I met some of the musicians in The Dean Ween Group at The Invitational and forged musical relationships and friendships that are going to last forever. I’m kinda all in right now, which is funny because I didn’t enjoy it in my twenties by comparison. I had anxiety and butterflies and now it’s a complete fucking anarchy in a good way. It’s freedom…balls to the wall…pedal to the medal…whatever metaphor you want.
JB: Right now there’s just two Ween gigs at Red Rocks on the books, will there be more Ween shows announced?
DW: Yeah, there’s a bunch you don’t know about it. There’s a bunch I don’t know about, but I know we’re doing them. Someone told me the other day, “We’re doing a gig together!” and I was like, “Really?” I asked my manager, “So & so said we’re playing together” and was informed we were and just hadn’t announced it yet.
JB: Earlier this year you posted a little teaser of a collaboration with Kurt Vile, can you talk a little bit about what we can expect?
DW: It’s too early to say and I don’t really want to jinx it. I met Kurt at Bonnaroo and it turns out we crossed passed a bunch of times over the years and apparently did some gigs together in different bands that he was sitting in with. He gave me his CD, his first demo, years ago. I’m not a guy who throws things away, I’m a packrat and I remember seeing his name. And then when Ween played Bonnaroo he was on the side of the stage rocking out. Knew all the words to all the songs and everything.
We went off stage and someone said to me, “Did you see Kurt Vile watch your set?” We talked and it turns out we obviously have this area in common and you just know when you hit it off. You know when you vibe with somebody. I can tell right away if they’re a like-minded person, if they like the same shit and grew up on the same records and he gave us so much props in the press over the last few years. We live really close by and made this promise to hook up and record or jam or whatever.
About five weeks ago we got it happening. We were both home and not on the road. Sure as shit, man, there was no hesitancy. We immediately dove right in, it was so obvious we can work together. You might get self-conscious with someone, you can pussyfoot at first, but I’m not that way and he wasn’t that way, not afraid to embarrass yourself on the mic or try a track and fail. That’s how the real shit gets done.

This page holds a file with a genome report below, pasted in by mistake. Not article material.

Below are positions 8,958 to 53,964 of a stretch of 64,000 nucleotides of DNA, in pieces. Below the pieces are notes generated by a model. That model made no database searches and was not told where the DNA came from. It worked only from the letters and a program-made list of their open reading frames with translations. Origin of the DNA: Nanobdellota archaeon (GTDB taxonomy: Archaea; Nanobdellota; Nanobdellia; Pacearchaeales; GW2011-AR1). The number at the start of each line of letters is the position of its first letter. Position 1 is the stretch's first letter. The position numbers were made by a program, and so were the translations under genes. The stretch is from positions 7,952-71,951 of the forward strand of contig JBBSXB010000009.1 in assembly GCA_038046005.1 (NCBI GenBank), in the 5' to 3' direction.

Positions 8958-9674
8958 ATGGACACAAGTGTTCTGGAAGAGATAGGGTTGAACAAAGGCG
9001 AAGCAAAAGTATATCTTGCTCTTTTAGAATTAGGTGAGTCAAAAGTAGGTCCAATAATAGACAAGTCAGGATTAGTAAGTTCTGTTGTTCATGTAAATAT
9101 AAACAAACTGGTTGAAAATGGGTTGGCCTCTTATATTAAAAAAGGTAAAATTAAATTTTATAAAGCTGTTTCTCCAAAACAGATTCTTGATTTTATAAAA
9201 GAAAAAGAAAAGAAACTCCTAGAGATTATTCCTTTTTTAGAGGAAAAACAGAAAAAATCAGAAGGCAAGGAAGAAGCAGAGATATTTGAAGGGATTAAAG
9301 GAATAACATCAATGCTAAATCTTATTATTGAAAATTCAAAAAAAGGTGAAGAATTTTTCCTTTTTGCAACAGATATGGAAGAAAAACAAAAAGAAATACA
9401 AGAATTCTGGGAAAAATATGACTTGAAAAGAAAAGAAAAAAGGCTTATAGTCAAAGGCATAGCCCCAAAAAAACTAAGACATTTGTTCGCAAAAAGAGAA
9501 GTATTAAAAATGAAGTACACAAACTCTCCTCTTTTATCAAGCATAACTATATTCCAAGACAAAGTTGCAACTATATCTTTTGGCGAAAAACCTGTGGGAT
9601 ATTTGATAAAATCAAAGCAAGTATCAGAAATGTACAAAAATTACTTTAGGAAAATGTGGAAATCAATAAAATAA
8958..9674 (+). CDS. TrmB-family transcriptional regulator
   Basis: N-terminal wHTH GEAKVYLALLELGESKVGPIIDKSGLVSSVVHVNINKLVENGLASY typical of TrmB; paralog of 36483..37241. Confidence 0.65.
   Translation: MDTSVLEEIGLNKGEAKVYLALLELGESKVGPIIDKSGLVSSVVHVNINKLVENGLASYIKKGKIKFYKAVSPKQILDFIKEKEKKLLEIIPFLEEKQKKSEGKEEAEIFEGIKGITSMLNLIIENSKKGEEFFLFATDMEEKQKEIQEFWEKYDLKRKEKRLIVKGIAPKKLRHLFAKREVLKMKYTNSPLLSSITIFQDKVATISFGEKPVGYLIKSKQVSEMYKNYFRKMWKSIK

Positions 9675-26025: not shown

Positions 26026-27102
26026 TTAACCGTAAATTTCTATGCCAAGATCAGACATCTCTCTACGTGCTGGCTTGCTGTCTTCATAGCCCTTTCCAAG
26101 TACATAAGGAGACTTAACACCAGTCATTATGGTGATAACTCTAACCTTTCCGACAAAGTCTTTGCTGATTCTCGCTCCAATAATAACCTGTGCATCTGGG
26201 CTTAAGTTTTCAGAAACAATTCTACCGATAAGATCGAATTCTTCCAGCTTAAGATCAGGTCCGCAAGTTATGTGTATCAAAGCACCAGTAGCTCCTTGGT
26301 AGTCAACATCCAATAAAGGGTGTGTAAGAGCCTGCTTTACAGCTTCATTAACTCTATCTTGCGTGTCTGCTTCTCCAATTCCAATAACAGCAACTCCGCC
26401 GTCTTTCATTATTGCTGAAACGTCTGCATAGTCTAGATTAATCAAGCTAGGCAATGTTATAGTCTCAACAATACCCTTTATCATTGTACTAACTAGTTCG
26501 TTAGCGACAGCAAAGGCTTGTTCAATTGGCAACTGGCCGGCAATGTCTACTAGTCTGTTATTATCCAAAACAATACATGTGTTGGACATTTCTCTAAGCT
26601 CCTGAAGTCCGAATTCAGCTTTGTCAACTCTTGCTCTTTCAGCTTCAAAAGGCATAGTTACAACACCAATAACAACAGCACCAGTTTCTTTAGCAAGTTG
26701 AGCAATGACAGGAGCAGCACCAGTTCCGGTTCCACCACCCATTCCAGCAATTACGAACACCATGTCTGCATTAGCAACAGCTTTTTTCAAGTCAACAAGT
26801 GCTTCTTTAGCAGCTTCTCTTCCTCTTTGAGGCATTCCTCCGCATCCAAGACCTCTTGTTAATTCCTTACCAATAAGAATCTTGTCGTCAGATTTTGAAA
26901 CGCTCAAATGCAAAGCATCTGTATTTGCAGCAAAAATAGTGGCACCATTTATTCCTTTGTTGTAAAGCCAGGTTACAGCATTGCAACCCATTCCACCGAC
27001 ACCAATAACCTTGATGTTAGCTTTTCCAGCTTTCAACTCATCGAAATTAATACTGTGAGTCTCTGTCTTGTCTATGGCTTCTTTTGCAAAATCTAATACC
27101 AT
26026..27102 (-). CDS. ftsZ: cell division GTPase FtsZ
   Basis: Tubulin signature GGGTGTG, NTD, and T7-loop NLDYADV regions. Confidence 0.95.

We just got right to it with an amazing song on the first day where every idea we tried worked. Every single track we recorded went into the final song. It was like, “Holy fuck!” I felt it and I hoped he felt it. By the end of that night, we had texted each other 20 times. He felt it too and couldn’t wait to come back the next week. So that’s as far into it as we are, but everything we tried worked. It’s fucking great to listen to and it was so easy…I don’t know what else to say. I don’t want to hype it because that’s not what I’m all about.
JB: But you’re excited about it
DW: Absolutely. I’m excited about it and so is he.
JB: And this took place at your studio in Lambertville?
JB: Speaking of the studio, I know you record a lot and I can only imagine the collection of material you have. My understanding is this new album captures a period of time, Fall 2016?
DW: In a nutshell, I had a lot of momentum when I finished [my first solo album]. When you have momentum and you’re writing and recording, you don’t stop. Because you’ll go through a dry spell, it’s just going to happen. It might be a week, it might be a month. It’s depressing, but it’s happens. That momentum of the first one is still going through the present, a few years later. I don’t know if it’s the vibe of this place or whatever’s going on or the amount of people I’m collaborating with. The momentum just carried me right straight into the second one.
I couldn’t wait to put sort of a period on the end of the first record, because it’s nerve-wracking making your first solo record after doing Ween. There’s some anxiety, well there’s always a little anxiety. I put it out and then I feel like I got to “the real shit,” because it happened fast. And the funny thing is, now, I look at the second one that’s not even out yet, and I think the third and fourth ones that are finished are the real shit! I want those to come out now. So, it’s a really good problem to have. I’m not bragging or lying, the momentum has been great. Between the gigging and the Wednesdays, everything is in ballet or instep. I can’t wait to get back to it everyday and I’m being sincere when I say that.
By the time the shit comes out, if you’re on a label and you’re not posting online, which I don’t like to do, because I like making records still, it takes like a year to get it out on a record label. So I built this studio and things are happening…I’m thinking more in terms of weeks.
JB: One song from the new album that stood out, in particular, is “Don’t Let The Moon Catching You Crying,” because it’s so different from the other tracks on the LP. Can you tell me a little bit about that one?